The friend in Atlanta writes about how to write about grief. Mostly instead of writing I am watching television, opening and closing both my book and Thomas’s book, and wandering about the house eating snacks which I share with both the healthy dog and the dog who is dying of cancer. I cooked him hard boiled eggs. I share my Milanos. I bought him a new toy. We are up much of the night as he stares at me and I pet him and tell him thanks. I am angry at my own fatigue even though I know that’s ridiculous. My breathless cough has been around as long as his cancer, now. Both of us breathing in unsteady rasps. We are loud and annoying. My husband can sleep through anything, which is good, as I cannot stand to see him cry. At 3:35 AM Amazon sends me a list of the 100 memoirs to read in my lifetime. If Three Dog Life had been on the list, as it should, I might have collapsed from the weight of so much synchronicity. I’m glad my husband sleeps through this quiet agitation. The rest of us, healthy dog, sick dog, and me, are in and out of the house in the below zero temperatures, because the sick dog can’t remember that he has just been out, and the healthy dog is just excited that there is so much activity. The healthy dog has stopped roughhousing. The vet would be glad of that, she has been worried about the sick dog’s platelet count. Not that it really matters, now. But the healthy dog instead places a paw over the sick dog’s paw and lies down quietly next to him. He is no longer fighting for the sick dog’s toy. He sleeps on the sick dog’s bed, probably for the scent, as the sick dog only lies on the hard surface of the floor, although most of the time he just stands and stares at me, his front legs too far apart, like an old man who is trying to keep his balance.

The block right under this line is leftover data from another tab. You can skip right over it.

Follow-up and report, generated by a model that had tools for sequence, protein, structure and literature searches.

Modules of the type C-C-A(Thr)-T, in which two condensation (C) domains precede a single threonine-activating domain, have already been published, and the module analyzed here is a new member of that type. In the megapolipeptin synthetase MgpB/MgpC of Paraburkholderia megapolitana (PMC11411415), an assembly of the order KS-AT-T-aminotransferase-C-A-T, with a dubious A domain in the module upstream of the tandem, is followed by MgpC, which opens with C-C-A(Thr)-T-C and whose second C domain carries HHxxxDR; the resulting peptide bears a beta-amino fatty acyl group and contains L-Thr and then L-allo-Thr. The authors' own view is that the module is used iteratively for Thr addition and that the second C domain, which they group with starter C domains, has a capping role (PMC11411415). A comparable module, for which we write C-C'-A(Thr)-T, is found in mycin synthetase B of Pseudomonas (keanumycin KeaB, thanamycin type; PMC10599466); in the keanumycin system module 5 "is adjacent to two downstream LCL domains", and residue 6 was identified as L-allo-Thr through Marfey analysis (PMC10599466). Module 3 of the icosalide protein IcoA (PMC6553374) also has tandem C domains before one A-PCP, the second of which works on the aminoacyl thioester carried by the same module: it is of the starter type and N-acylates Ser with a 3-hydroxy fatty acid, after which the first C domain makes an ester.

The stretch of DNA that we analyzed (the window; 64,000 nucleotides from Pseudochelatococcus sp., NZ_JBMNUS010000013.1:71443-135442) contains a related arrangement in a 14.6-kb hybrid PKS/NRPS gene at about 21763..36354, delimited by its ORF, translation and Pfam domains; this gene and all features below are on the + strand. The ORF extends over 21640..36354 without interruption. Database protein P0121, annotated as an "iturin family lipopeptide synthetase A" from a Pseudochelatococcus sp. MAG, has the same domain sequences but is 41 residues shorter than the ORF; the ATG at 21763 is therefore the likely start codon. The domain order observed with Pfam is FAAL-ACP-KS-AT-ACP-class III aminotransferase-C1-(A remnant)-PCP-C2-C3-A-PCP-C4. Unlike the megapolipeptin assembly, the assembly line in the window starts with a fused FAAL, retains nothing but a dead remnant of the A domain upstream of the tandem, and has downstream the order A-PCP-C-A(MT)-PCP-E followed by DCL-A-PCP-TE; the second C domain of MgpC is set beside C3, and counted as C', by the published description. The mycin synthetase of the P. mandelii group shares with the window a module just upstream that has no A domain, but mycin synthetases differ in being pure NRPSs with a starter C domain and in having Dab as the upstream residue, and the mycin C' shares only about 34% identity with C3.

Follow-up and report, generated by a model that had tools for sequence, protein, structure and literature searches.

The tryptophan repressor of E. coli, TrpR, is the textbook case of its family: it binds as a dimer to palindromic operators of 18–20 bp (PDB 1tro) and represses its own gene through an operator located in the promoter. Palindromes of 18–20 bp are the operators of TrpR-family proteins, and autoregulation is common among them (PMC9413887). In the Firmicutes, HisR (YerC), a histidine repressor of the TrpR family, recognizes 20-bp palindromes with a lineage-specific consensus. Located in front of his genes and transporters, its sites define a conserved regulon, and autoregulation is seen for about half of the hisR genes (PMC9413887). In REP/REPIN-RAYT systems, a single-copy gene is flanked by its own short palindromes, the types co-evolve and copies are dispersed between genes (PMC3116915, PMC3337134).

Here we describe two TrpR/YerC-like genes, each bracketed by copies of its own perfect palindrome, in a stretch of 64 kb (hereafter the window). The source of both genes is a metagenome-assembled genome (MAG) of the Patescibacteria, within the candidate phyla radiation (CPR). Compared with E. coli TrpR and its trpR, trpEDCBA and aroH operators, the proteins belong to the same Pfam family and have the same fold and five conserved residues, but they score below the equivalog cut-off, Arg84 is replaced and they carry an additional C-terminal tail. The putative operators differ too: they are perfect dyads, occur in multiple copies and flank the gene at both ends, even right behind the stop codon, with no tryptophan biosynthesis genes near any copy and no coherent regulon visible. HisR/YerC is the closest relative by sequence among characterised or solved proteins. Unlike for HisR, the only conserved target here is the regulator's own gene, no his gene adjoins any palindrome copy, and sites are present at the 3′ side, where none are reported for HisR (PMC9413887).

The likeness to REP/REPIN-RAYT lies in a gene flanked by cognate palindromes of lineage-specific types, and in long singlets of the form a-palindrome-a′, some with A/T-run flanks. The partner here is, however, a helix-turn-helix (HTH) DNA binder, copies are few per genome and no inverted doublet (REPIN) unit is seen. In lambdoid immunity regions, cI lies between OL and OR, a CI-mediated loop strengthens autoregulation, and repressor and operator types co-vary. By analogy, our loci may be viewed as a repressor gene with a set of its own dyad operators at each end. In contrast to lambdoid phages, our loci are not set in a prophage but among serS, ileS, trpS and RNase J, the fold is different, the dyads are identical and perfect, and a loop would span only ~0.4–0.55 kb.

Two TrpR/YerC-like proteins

A suggested reading list:
Safekeeping Abigail Thomas
Three Dog Life Abigail Thomas
Dumped: Stories of Women Unfriending Women Nina Gaby, editor
Braving the Fire: A Guide to Writing About Grief and Loss Jessica Handler
Making Nice Matt Sumell


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Honing In, back from Iota Conference of Short Prose

 

Nina and two contributors to "Dumped" – Penny Guisinger and Judith Podell, on the porch of Prince Cottage, Campobello Island, IOTA Conference

Nina and two contributors to “Dumped” – Penny Guisinger and Judith Podell, on the porch of Prince Cottage, Campobello Island, IOTA Conference

 

The nine-hour drive back from the Iota Conference of Short Prose last night became more wearisome with each mile. Metaphors abounded – a mile is like a sentence, each small town a paragraph, each visual transition a small piece of prose. With each random thought becoming a brilliant brief essay in its own right. You probably know what I mean, trips home from excitement – the hospital after having a baby, driving home after a good job interview, dinner with friends, a gallery excursion, a hike, a shopping expedition – your brain fills with ideas and plans for the next big (or little) thing.

And then you are back, and slowly you fill with things of daily life, not so exciting. The things you forgot. The things you left undone. I always leave half my stuff in the car, looking like laziness on the surface, but actually another metaphor.